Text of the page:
Tuesday, March 31, 2015
Philosophers on race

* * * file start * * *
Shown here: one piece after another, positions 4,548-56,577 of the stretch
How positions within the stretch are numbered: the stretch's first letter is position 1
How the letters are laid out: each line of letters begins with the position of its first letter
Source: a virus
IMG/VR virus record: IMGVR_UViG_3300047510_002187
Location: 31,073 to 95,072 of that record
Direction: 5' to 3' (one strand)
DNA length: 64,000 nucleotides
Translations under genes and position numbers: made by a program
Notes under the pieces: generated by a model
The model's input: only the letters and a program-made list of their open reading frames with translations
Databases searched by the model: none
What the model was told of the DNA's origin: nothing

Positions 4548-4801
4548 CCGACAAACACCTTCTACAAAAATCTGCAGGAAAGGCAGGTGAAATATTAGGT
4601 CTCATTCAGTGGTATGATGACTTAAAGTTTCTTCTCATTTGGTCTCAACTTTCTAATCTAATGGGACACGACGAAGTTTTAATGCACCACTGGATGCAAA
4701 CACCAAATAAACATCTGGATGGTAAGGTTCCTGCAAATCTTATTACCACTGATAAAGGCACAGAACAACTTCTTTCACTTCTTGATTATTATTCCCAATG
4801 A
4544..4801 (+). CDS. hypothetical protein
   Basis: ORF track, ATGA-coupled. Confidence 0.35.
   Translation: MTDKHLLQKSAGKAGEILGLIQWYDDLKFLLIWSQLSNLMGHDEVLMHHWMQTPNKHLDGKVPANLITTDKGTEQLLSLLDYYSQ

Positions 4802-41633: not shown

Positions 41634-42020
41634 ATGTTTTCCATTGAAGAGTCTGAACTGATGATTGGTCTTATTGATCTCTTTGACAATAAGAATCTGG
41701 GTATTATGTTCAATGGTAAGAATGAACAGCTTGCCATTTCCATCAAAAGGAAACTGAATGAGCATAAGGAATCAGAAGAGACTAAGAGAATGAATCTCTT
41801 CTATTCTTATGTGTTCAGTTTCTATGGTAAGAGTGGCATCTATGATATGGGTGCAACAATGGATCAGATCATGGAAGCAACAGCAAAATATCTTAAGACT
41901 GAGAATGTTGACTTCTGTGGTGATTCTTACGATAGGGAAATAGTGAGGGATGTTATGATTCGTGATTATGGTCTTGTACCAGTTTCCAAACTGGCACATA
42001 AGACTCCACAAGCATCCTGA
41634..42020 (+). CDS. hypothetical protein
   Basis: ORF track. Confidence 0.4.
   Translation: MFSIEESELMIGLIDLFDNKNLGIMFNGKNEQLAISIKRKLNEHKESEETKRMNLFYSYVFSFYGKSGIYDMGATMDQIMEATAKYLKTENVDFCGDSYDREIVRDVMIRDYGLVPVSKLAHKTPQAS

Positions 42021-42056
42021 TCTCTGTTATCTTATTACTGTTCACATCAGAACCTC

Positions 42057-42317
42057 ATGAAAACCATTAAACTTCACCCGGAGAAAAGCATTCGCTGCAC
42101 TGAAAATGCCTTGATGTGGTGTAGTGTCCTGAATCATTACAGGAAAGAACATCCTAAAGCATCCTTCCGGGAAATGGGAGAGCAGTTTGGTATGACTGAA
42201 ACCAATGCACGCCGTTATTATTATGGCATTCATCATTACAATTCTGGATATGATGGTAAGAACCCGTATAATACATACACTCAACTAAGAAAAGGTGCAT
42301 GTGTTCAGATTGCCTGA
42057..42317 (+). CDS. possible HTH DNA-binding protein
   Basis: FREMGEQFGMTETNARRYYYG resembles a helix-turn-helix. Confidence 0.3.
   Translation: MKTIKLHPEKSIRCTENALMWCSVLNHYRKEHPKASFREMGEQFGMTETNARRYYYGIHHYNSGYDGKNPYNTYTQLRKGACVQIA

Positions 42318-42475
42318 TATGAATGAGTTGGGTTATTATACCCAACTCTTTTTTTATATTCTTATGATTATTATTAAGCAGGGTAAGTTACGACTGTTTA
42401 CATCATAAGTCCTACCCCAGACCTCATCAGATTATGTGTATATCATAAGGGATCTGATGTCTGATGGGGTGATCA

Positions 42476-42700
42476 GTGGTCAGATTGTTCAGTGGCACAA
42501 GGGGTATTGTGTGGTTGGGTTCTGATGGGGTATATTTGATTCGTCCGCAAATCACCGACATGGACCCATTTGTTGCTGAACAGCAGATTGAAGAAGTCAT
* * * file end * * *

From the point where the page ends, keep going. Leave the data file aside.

This is an eight-part series that the NYT did, of interviews with philosophers who think about race in the US. I've still got quite a few of these to read, but I think the pieces are good food for thought. In particular I like this quote, "The political framework of liberalism, which promises equality and universal protection for “all,” depends on people to believe those promises, so that racial discrimination, brutality, violence, dehumanization, can be written off as accidental, incidental, a problem with the application of liberal theory rather than part of the deep structure of liberalism." It captures what I perceive to be a fundamental disconnect of experience in most white-black discussions. Often the white interlocutor in such a conversation can't get past the fact that, if we all (white and nonwhite) just truly believed in the liberal promise of equal rights and treatment for all, then all race and class problems would vanish in a generation. This is probably sound in a very logical, idealistic way--almost tautological, indeed. If people stopped treating each other unjustly, then by definition injustice would seek to exist. Meanwhile, the black interlocutor in such a situation can't get past the reality of systemic, relentless abuse and menace and harm to him and his own from the society at large, all rosy tautologies be damned.